Aside from simple agricultural environments, water transfer has created a unique southern California urban area. The relatively low urban population density encouraged by automobile mobility features edge effect habitats including a broad range of landscaping plants. Omnivores able to cross streets, roads, and freeways thrive in this spatially fragmented habitat with dry season water available from landscape irrigation. Columbidae, Corvidae, house sparrow, European starling and gulls fly between isolated habitat segments, while raccoons, opossums, skunks and rats travel under bridges and through culverts and storm drains. Animals killed during unsuccessful crossing attempts are a food source for scavengers also seeking garbage or food intended for pets or wild birds and squirrels. Domestic cats and dogs kill small animals for recreation and have established feral predator populations. Coyotes prey on these smaller predators. [13]



Climate change

See also

Related Research Articles

<span class="mw-page-title-main">Sacramento River</span> River in Northern and Central California, United States

The Sacramento River is the principal river of Northern California in the United States and is the largest river in California. Rising in the Klamath Mountains, the river flows south for 400 miles (640 km) before reaching the Sacramento–San Joaquin River Delta and San Francisco Bay. The river drains about 26,500 square miles (69,000 km2) in 19 California counties, mostly within the fertile agricultural region bounded by the Coast Ranges and Sierra Nevada known as the Sacramento Valley, but also extending as far as the volcanic plateaus of Northeastern California. Historically, its watershed has reached as far north as south-central Oregon where the now, primarily, endorheic (closed) Goose Lake rarely experiences southerly outflow into the Pit River, the most northerly tributary of the Sacramento.

<span class="mw-page-title-main">Central Valley (California)</span> Flat valley that dominates central California

The Central Valley is a broad, elongated, flat valley that dominates the interior of California. It is 40–60 mi (60–100 km) wide and runs approximately 450 mi (720 km) from north-northwest to south-southeast, inland from and parallel to the Pacific coast of the state. It covers approximately 18,000 sq mi (47,000 km2), about 11% of California's land area. The valley is bounded by the Coast Ranges to the west and the Sierra Nevada to the east.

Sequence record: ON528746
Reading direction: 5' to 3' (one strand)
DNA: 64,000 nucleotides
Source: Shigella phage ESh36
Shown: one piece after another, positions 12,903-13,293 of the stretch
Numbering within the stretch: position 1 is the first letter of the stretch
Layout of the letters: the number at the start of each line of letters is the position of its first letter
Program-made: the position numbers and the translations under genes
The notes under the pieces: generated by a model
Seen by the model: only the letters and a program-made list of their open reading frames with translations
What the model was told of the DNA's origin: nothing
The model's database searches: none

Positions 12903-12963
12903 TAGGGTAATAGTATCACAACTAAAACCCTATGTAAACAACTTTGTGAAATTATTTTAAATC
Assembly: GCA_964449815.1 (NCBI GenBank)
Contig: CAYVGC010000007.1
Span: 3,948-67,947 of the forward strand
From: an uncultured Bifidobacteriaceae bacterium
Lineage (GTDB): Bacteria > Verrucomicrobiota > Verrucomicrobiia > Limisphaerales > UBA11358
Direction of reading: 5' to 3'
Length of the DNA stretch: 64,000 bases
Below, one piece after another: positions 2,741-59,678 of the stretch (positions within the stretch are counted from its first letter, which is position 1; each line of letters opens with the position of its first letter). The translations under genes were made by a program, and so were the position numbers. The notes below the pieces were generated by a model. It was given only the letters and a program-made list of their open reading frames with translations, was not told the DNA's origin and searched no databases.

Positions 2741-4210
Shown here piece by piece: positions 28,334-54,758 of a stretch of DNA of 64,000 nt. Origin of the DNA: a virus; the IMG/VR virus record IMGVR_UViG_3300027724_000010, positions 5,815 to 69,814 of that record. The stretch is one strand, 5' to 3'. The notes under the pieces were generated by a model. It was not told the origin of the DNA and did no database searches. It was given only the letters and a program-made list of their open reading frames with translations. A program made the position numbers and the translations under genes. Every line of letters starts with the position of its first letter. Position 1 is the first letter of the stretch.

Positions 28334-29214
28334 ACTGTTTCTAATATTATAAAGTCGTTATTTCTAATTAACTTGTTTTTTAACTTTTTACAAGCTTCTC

<span class="mw-page-title-main">Tulare Lake</span> Freshwater dry lake in the southern San Joaquin Valley, California, United States

Tulare Lake is a freshwater dry lake with residual wetlands and marshes in the southern San Joaquin Valley, California, United States. After Lake Cahuilla disappeared in the 17th century, Tulare Lake was the largest freshwater lake west of the Mississippi River and the second-largest freshwater lake entirely in the United States, based upon surface area. A remnant of Pleistocene-era Lake Corcoran, Tulare Lake dried up after its tributary rivers were diverted for agricultural irrigation and municipal water uses.

<span class="mw-page-title-main">Hetch Hetchy</span> Valley, reservoir, and aqueduct in California, USA

Hetch Hetchy is a valley, a reservoir, and a water system in California in the United States. The glacial Hetch Hetchy Valley lies in the northwestern part of Yosemite National Park and is drained by the Tuolumne River. For thousands of years before the arrival of settlers from the United States in the 1850s, the valley was inhabited by Native Americans who practiced subsistence hunting-gathering. During the late 19th century, the valley was renowned for its natural beauty – often compared to that of Yosemite Valley – but also targeted for the development of water supply for irrigation and municipal interests. The controversy over damming Hetch Hetchy became mired in the political issues of the day. The law authorizing the dam passed Congress on December 7, 1913.

<span class="mw-page-title-main">San Joaquin Valley</span> Area of the Central Valley in California

The San Joaquin Valley is the area of the Central Valley of the U.S. state of California that lies south of the Sacramento–San Joaquin River Delta and is drained by the San Joaquin River. It comprises seven counties of Northern and one of Southern California, including, in the north, all of San Joaquin and Kings counties, most of Stanislaus, Merced, and Fresno counties, and parts of Madera and Tulare counties, along with a majority of Kern County, in Southern California. Although the valley is predominantly rural, it has densely populated urban centers: Fresno, Bakersfield, Stockton, Modesto, Tulare, Visalia, Hanford, and Merced.